Exceptional eating experiences were had at:
  • Ad Hoc, the one Thomas Keller place to which we could actually afford to go.  These lobster rolls were a transcendental experience; they came in the most buttery brioche known to man which had, I think, also received a light saute in some additional butter just before being served.

Those leaves atop the rolls are from the actual French Laundry kitchen garden.  Yes.
  • The Girl and the Fig in Sonoma, although I wish I had taken on board the fact that the aubergine soup was "enriched" with cream as it significantly lessened my enjoyment of the whipped Yukon Gold potatoes that came with my main-course flounder.
  • Breakfast.  Although that Somerset Maugham quote about how the only way to eat well in England is to eat breakfast three times a day is something one hears oft-repeated, it's plainly not true any more, and one would tire pretty quickly of eating fried bacon and eggs every day.  No, I think the Americans have got breakfast in the bag.  During our stays at various wondrous locations, and most notably at the Beltane Ranch, we were served delicious and inventive breakfasts, my only quibble with which would be the offence of serving sweet (i.e. an oven-baked lemon pancake) on the same plate as savoury (i.e. spicy black beans with chicken sausage).  I know it's the done thing in the US, but that doesn't mean that I have to like it.  Despite this, our breakfasts were often the culinary high point of the day.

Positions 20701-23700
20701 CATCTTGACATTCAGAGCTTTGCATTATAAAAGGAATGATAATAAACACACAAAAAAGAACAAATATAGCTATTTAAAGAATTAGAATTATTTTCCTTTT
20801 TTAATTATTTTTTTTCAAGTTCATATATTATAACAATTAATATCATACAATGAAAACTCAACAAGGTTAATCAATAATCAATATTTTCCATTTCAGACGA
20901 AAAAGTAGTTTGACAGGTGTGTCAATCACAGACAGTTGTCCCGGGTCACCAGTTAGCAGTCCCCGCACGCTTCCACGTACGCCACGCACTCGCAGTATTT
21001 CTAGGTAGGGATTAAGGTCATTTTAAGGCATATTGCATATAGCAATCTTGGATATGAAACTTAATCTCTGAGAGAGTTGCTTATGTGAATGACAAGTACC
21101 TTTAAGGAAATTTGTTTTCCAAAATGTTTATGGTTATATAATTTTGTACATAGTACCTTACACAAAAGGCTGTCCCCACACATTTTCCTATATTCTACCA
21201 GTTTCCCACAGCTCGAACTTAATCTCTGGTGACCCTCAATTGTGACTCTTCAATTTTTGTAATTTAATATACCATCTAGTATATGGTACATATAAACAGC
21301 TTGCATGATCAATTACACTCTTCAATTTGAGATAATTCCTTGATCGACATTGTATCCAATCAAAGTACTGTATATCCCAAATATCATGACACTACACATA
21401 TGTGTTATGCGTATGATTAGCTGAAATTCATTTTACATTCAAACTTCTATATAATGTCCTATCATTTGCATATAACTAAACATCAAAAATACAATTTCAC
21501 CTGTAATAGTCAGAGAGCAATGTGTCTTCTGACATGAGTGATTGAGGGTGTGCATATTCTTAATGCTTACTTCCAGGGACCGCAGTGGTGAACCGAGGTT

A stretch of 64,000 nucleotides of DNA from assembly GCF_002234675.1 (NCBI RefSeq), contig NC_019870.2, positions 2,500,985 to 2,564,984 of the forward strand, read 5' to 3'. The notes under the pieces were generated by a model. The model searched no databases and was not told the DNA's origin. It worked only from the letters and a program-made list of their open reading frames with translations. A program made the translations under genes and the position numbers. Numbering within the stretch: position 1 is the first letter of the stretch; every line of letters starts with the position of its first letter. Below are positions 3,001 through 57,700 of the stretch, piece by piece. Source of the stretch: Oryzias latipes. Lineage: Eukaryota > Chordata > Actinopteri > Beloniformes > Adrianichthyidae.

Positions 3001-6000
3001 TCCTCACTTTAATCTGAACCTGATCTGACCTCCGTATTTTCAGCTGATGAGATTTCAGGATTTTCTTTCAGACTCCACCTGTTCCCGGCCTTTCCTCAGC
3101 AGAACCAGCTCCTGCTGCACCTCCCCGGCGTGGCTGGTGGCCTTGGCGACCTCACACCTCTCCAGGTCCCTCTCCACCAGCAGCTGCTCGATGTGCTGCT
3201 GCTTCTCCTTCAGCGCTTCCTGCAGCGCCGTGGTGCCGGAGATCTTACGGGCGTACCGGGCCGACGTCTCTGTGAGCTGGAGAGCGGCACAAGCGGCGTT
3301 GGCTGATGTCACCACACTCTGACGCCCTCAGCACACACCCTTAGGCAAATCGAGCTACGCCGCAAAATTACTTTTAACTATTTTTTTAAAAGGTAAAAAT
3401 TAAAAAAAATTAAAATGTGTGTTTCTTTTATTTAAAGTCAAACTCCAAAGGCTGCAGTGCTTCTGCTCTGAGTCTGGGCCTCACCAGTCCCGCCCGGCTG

Beltane Ranch**

Now we're home we are on a strict and spartan regime.  Last night I made a squid salad, the recipe for which is based on one in Sophie Dahl's book.  I have to say that although it's very prettily produced, and well-written, the recipes are a bit, how shall I say...unconvincing.  It's not that she's not entitled to write about food because she is or was a skinny model, it's rather that I think that her food is just too simple to warrant the treatment it has received in print (and on screen for that matter).  There's not enough balance between easy stuff and more technical dishes, and the overall effect is to make the book seem somehow lacking in plausibility.

But, regardless of that, this squid salad is really very good.

To serve two you will need:

Two squid, cleaned and prepped by slicing the bodies into rings about 1cm wide and the tentacles into halves (Sophie uses baby squid, and I reckon you would need about 200g to feed two)
Two bell peppers (red or yellow, your choice), de-seeded and cut lengthwise into strips about 1cm wide

For the dressing
A big handful of coriander
Half a teaspoon of fennel seeds, lightly toasted and crushed to a fine powder
One clove of garlic, peeled
The juice of half a lemon, or more to taste
Olive oil, about 50ml I reckon, but add more or less as you wish.  (You'll need more for frying too.)
Salt and pepper

25g of toasted pine nuts